Wednesday, January 16, 2013

Scholarship Essay

So, Franciscan University has the 'Proud2BCatholic' contest, where the winner of an essay contest wins a scholarship for the next school year. Needless to say, I entered; I like writing, and I need money for college!

The prompt is this: "What the world is in particular need of today is the credible witness of people enlightened in mind and heart by the word of the Lord, and capable of opening the hearts and minds of many to the desire for God and for true life, life without end."
– Pope Benedict XVI, Apostolic Letter for the Year of Faith

In light of Pope Benedict XVI declaring this year the Year of Faith, describe how God may be calling you to become a credible witness to the faith, enlightened in mind and heart.

And here is the essay, right at 500 words. I think it's awesome, considering the word limit. I let my explanations speak for themselves, and I unfortunately could not explain some items in as great a depth as I could. If I had more freedom, I could probably have hashed out two to three pages. But, I have added some commentary, to explain what the readers don't get to see. 

Evangelization in the Contemporary World


Credible witness to the Faith begins with participating in the sacramental life of the Church, particularly in the Divine Liturgy [I thought a more formal term for this was better, since the recitation of the Liturgy of the Hours is also a divine liturgy, and it is a better description of the service itself. Mass derives from 'missa,' which is from the dismissal, and doesn't actually make a whole lot of sense if you think about it]. I serve at the altar every Sunday and at as many extra liturgies as possible. Recently I have also begun serving the Traditional Latin Mass. “Introibo ad altare Dei, ad Deum qui laetificat juventutem meam.” Serving the priest, the second Christ, engages my body and soul [No Descartes, they are not separate, but one. Thank you to Mr. O'Herron at Christendom, and also Supertradmum for getting me to realize this.] in Holy Mass, and forms my personal devotion to the Most Holy Sacrament of the Altar.  As I hear the deacon sing, “Ite, Missa est,” I bear in mind the words of the Holy Father: “The Sacrament of the Charity of Christ must permeate the whole of daily life,” [from his 2012 Corpus Christi sermon] and to accomplish this, I confess at least twice a month.

Spiritual direction can come from unseen places. I attend a public school that is usually hostile to the Truth. My Theory of Knowledge teacher during my junior year lives a gravely sinful [I wondered if they can pick up what I meant by this...] life, yet he encouraged me to think more deeply about the Faith. At the year’s end, he said he wanted to know how I would handle complex moral questions in the world when I was about thirty. I wrote a list with qualities of particular saints I would like to imitate [the Blessed Mother, Joseph, Augustine, Francis, Bernard of Clairveaux, Dominic, Thomas Aquinas, Ignatius, Thomas Vander Woude, Emil Kapaun, Vincent Capodanno-not saints yet but soon., and have carried it with me ever since. 1 Tim. 4:12 says, “Let no one despise your youth, but set the believers an example in speech and conduct, in love, in faith, in purity.” [Thank you to the graphic from Generation Life where I first discovered this verse.] This year, after I developed a devotion to St Thomas Aquinas and was enrolled in the Angelic Warfare Confraternity, I learned that being a good friend and setting the example in imitation of Christ is more effective than using the tongue as a sword [Confession: I learned this phrase not in religious ed. but in AP European History....] I believe my witness is also more charitable, ‘willing the good of another,’ because I spend more time in daily prayer; I even stop to pray the Angelus at the end of French class.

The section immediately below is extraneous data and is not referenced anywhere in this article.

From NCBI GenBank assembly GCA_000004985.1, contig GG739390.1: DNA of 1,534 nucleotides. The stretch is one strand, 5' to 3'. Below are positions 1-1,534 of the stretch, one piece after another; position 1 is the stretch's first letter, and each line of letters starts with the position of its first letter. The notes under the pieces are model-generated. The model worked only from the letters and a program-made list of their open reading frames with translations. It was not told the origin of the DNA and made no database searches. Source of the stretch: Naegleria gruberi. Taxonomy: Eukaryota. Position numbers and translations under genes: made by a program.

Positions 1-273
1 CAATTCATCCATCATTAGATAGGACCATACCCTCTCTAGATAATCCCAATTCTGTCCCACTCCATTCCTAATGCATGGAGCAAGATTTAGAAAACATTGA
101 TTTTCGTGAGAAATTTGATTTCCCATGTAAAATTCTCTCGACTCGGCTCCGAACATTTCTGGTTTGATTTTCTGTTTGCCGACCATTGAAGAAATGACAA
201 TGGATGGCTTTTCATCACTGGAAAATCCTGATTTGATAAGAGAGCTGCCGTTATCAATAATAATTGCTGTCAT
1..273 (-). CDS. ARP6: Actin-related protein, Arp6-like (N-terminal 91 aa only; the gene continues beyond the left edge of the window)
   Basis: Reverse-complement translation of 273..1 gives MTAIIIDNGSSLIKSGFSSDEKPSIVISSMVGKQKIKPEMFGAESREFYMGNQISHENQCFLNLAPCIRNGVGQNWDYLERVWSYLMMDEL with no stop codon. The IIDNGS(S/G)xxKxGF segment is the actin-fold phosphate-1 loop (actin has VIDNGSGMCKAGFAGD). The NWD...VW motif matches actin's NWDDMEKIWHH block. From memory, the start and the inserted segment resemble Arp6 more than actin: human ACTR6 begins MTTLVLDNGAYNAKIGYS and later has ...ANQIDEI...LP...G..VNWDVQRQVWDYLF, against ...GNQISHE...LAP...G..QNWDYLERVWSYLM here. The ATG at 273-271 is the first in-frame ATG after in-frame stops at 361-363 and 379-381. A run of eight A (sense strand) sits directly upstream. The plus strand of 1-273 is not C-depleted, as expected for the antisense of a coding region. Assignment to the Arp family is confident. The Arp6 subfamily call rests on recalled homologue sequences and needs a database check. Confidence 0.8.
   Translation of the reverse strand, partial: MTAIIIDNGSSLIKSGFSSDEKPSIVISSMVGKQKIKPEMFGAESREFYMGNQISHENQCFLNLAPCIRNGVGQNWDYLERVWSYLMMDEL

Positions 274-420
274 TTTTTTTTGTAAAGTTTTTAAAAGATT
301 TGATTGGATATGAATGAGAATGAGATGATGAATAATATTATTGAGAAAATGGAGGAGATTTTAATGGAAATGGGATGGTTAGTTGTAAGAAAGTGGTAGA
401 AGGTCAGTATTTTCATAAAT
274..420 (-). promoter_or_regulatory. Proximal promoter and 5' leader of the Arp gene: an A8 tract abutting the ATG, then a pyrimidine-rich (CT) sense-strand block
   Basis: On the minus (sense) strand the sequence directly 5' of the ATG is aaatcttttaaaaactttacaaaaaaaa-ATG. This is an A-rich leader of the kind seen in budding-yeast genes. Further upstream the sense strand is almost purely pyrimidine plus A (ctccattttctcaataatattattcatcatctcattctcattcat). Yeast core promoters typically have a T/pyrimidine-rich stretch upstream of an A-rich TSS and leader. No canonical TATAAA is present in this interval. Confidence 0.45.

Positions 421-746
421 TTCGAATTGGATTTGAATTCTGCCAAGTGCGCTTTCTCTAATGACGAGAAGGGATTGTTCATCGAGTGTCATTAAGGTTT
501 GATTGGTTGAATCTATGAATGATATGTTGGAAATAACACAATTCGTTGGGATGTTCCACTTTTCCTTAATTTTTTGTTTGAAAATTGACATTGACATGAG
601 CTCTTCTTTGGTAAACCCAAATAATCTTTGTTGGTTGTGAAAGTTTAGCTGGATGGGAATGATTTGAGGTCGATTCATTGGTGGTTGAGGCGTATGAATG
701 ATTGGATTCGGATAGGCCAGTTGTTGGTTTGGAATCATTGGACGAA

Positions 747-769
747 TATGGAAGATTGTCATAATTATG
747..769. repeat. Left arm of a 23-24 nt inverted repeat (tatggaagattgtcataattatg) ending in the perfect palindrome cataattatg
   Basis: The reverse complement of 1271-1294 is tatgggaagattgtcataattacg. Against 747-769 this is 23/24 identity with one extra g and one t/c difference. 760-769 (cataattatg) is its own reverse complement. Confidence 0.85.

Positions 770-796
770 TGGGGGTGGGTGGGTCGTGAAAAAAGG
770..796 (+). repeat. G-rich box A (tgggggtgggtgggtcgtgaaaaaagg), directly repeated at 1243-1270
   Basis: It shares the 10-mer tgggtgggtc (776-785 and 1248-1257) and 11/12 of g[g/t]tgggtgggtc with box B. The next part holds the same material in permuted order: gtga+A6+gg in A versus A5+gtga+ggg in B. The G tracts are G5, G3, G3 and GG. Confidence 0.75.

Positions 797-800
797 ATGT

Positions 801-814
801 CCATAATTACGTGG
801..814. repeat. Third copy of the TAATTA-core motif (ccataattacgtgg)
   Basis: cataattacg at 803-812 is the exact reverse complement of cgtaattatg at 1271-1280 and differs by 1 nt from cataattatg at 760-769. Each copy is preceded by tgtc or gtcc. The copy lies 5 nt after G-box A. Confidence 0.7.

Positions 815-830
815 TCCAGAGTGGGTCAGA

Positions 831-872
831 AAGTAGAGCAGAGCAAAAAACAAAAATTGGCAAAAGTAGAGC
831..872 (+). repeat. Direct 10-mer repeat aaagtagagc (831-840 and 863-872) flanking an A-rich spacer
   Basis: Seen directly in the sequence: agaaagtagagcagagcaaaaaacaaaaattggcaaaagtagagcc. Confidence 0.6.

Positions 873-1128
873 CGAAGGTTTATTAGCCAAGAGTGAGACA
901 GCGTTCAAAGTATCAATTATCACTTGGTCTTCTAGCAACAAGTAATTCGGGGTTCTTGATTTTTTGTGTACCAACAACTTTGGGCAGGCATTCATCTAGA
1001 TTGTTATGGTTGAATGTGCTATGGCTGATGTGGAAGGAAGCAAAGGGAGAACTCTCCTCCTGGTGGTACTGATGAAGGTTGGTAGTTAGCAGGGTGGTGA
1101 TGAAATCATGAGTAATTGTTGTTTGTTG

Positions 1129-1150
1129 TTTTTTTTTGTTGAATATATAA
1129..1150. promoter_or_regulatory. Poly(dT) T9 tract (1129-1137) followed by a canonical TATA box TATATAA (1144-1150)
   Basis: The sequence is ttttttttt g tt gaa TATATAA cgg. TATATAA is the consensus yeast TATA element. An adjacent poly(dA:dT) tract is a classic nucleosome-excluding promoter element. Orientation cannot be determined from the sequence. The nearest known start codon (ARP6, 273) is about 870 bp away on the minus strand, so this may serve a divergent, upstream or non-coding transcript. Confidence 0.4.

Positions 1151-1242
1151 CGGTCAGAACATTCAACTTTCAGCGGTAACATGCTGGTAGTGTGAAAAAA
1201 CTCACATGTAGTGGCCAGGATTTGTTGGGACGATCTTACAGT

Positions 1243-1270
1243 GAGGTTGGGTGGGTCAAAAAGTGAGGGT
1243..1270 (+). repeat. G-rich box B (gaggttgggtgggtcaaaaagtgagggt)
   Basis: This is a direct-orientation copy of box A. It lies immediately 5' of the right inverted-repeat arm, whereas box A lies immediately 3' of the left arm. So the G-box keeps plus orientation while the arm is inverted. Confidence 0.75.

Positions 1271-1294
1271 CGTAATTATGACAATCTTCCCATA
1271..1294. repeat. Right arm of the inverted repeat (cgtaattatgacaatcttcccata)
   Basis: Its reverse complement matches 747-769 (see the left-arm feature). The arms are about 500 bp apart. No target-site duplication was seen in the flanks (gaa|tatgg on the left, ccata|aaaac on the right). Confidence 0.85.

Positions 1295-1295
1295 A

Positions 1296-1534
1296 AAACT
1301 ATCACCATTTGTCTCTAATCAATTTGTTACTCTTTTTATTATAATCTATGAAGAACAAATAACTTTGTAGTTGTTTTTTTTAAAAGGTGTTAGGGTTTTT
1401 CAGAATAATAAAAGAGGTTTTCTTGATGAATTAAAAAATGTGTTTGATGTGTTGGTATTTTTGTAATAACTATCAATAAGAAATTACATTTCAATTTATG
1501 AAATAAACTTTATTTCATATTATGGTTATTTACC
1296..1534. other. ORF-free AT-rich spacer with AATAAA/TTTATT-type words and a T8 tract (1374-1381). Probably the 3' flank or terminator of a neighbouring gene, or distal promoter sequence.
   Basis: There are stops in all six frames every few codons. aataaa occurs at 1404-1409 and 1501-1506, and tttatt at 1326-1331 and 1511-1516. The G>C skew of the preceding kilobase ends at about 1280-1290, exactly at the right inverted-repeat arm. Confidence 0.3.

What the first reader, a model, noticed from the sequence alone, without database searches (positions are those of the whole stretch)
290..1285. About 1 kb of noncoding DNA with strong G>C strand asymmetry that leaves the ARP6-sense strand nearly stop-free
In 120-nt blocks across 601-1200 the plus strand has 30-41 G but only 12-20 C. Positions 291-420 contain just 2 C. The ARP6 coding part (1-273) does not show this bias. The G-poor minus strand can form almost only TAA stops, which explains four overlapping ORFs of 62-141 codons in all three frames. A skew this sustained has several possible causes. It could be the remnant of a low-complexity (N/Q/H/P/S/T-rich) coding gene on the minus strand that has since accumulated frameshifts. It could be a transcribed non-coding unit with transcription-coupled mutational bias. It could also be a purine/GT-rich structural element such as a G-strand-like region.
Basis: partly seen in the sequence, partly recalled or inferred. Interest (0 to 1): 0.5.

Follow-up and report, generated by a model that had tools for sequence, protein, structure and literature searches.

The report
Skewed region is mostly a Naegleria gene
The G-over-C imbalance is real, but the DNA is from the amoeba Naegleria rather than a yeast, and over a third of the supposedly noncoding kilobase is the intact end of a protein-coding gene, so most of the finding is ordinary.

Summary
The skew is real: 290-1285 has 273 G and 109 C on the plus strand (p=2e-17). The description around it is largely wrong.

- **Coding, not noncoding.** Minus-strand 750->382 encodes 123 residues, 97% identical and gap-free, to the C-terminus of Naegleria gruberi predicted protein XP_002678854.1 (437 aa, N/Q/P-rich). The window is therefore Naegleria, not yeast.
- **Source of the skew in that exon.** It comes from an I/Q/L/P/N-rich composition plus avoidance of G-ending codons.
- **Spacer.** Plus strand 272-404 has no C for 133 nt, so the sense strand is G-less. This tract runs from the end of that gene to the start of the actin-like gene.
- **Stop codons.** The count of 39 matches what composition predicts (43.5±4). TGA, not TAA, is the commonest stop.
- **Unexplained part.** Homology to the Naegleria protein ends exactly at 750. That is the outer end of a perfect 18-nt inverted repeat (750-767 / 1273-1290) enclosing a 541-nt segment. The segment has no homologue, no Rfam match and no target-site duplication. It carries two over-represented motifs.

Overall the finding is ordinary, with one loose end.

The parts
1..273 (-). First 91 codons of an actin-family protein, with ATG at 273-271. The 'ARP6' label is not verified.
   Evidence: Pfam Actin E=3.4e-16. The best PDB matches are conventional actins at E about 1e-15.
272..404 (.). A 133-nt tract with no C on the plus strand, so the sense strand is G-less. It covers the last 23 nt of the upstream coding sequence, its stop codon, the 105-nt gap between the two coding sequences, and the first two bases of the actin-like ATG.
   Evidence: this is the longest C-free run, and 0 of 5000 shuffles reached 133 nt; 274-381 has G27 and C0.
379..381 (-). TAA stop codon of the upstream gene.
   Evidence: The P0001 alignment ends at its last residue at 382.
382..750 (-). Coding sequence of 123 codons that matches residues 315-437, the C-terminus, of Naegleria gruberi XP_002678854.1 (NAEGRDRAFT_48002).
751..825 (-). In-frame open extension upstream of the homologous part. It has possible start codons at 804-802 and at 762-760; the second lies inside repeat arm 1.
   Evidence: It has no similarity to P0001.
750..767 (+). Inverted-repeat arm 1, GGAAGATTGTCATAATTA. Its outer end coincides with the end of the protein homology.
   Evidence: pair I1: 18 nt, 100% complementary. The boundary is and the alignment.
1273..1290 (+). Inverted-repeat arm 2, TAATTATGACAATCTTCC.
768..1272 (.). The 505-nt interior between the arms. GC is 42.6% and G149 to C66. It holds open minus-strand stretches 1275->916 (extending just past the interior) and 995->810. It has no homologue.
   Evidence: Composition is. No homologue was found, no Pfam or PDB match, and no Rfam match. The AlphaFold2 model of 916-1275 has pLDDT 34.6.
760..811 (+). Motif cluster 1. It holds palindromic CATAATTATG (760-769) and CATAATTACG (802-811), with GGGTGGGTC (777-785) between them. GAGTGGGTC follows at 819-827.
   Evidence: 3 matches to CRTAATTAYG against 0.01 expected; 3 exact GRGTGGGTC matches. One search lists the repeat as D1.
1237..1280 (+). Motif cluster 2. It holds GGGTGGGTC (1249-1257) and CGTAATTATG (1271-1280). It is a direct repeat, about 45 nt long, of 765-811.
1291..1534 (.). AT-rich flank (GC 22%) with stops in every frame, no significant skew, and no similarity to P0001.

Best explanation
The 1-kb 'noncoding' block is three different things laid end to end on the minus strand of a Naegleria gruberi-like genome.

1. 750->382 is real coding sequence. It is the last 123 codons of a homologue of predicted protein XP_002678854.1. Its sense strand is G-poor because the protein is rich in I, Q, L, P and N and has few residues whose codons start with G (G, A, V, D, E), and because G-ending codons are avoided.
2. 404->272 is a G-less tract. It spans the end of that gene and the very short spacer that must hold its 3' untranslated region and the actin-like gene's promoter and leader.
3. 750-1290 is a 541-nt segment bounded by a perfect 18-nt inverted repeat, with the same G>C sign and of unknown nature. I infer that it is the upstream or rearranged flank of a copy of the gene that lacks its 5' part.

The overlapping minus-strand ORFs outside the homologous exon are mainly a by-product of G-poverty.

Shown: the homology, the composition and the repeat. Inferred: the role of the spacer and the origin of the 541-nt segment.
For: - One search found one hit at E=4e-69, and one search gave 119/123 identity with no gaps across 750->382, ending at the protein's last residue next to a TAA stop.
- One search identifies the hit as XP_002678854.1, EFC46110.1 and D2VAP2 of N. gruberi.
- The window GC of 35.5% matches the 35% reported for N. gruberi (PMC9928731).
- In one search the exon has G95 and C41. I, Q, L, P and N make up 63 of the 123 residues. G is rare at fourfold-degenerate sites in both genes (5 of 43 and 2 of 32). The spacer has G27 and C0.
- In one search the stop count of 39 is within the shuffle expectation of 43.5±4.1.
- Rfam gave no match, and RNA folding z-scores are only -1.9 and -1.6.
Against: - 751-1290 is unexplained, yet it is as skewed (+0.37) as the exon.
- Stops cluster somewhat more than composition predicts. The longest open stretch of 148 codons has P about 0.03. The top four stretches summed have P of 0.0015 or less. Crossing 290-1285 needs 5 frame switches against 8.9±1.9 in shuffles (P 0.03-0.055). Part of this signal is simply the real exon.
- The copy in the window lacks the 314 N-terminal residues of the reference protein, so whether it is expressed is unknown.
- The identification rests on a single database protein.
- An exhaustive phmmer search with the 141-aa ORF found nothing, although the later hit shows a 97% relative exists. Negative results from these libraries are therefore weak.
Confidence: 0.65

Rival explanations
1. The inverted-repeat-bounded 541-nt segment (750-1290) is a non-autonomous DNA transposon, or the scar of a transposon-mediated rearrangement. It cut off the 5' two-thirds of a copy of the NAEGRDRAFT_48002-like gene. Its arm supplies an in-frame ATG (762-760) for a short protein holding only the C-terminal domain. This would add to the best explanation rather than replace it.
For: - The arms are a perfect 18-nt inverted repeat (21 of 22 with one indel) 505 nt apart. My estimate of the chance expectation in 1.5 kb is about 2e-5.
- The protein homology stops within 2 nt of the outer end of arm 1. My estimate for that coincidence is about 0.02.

During the Year of Faith, I have committed myself to two particular projects, since my devotion to St. Thomas Aquinas has gifted me with the grace to seek deep theological insights, for my own growth and to share publicly.  First, I am reading the Catechism of the Catholic Church in its entirety. Second, I am writing a blog dedicated to the Faith, and I use social media to share quotes; I have also learned a great deal from other, more spiritually mature Catholics whom I have connected with through blogging and social media [Father ZMulier Fortis, several priests, and many, many others].

To prepare myself to be the best husband and father that I can be, I am already trying to follow St. Joseph and Thomas Vander Woude [no room in this essay to really discuss the family,  sacrificial love, and friendship], whose cause for sainthood I wish to begin. I already can see some fruits of evangelization with a friend [who shall remain nameless for now, and in a way, it's sorta two friends], regarding my example as a Catholic man dedicated to the Faith and virtue. Perhaps she and others will convert one day, and I hope to die having married a saint, raised a family of saints, and influenced others to become saints.

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